What is Joubert Syndrome?
Joubert syndrome is a rare brain malformation characterized by the absence or underdevelopment of the cerebellar vermis - an area of the brain that controls balance and coordination. The most common features of Joubert syndrome in infants include abnormally rapid breathing (hyperpnea), decreased muscle tone (hypotonia), jerky eye movements (oculomotor apraxia), mental retardation, and the inability to coordinate voluntary muscle movements (ataxia). Physical deformities may be present, such as extra fingers and toes (polydactyly), cleft lip or palate, and tongue abnormalities. Kidney and liver abnormalities can develop, and seizures may also occur.. Most cases of Joubert syndrome are sporadic (not inherited). In some families, however, Joubert syndrome appears to be inherited in an autosomal recessive manner (meaning both parents must have a copy of the mutation) via mutation in a number of genes, including NPHP1, AHI1, and CEP290.
Is there any treatment?
Treatment for Joubert syndrome is symptomatic and supportive. Infant stimulation and physical, occupational, and speech therapy may benefit some children. Infants with abnormal breathing patterns should be monitored. Screening for progressive eye, liver, and kidney complications associated with Joubert-related disorders should be performed on a regular basis.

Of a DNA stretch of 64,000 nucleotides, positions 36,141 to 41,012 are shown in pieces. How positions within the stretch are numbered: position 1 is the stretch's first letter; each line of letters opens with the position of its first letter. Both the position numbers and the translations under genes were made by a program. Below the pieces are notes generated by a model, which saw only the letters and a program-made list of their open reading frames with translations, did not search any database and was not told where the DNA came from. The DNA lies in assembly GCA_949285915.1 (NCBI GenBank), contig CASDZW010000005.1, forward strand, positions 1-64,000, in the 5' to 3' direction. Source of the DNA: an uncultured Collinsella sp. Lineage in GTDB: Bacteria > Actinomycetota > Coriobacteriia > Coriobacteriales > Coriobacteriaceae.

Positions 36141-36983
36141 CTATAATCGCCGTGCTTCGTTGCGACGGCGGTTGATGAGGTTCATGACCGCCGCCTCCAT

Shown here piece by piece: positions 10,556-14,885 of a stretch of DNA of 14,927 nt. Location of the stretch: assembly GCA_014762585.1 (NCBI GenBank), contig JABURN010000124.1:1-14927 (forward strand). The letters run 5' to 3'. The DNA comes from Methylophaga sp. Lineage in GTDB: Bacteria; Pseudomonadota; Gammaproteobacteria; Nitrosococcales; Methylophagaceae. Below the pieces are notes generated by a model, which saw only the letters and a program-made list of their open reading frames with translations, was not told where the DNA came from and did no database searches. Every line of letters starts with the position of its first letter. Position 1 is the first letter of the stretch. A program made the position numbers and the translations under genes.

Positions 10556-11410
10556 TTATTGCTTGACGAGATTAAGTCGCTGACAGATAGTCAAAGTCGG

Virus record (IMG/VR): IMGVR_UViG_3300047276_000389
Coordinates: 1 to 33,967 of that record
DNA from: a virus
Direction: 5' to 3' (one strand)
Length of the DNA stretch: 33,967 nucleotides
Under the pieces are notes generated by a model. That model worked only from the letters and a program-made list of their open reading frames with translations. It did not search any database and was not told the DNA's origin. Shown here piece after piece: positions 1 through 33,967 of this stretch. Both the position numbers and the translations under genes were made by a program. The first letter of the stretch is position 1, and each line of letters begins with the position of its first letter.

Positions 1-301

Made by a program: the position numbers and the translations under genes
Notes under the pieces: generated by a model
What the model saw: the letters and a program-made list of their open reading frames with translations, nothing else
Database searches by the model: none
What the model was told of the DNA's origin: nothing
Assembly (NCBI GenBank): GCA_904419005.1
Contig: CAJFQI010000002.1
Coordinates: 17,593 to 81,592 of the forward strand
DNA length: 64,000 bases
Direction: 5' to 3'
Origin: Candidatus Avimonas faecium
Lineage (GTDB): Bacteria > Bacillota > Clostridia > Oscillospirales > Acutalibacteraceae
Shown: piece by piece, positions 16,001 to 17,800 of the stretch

What is the prognosis?
The prognosis for infants with Joubert syndrome depends on whether or not the cerebellar vermis is partially developed or entirely absent. Some children have a mild form of the disorder, with minimal motor disability and good mental development, while others may have severe motor disability and moderate mental retardation.
What research is being done?
The NINDS supports research on the development of the nervous system and the cerebellum. This research is critical for increasing our understanding of Joubert syndrome, and for developing methods of treatment and prevention. NINDS, in conjunction with the NIH Office of Rare Disorders, sponsored a symposium on Joubert syndrome in 2002. Research priorities for the disorder were outlined at this meeting.
Joubert Syndrome Foundation & Related Cerebellar Disorders
414 Hungerford Drive, Suite 252
Rockville, MD 20850
The Arc of the United States
1825 K Street, NW, Suite 1200
Washington, DC 20006
National Organization for Rare Disorders (NORD)
55 Kenosia Avenue
Danbury, CT 06813-1968
Voice Mail: 800.999.NORD (6673)
Source: National Institutes of Health; National Institute of Neurological Disorders and Stroke
This information is provided by the Cleveland Clinic and is not intended to replace the medical advice of your doctor or health care provider. Please consult your health care provider for advice about a specific medical condition. This document was last reviewed on: 9/29/2011…#6040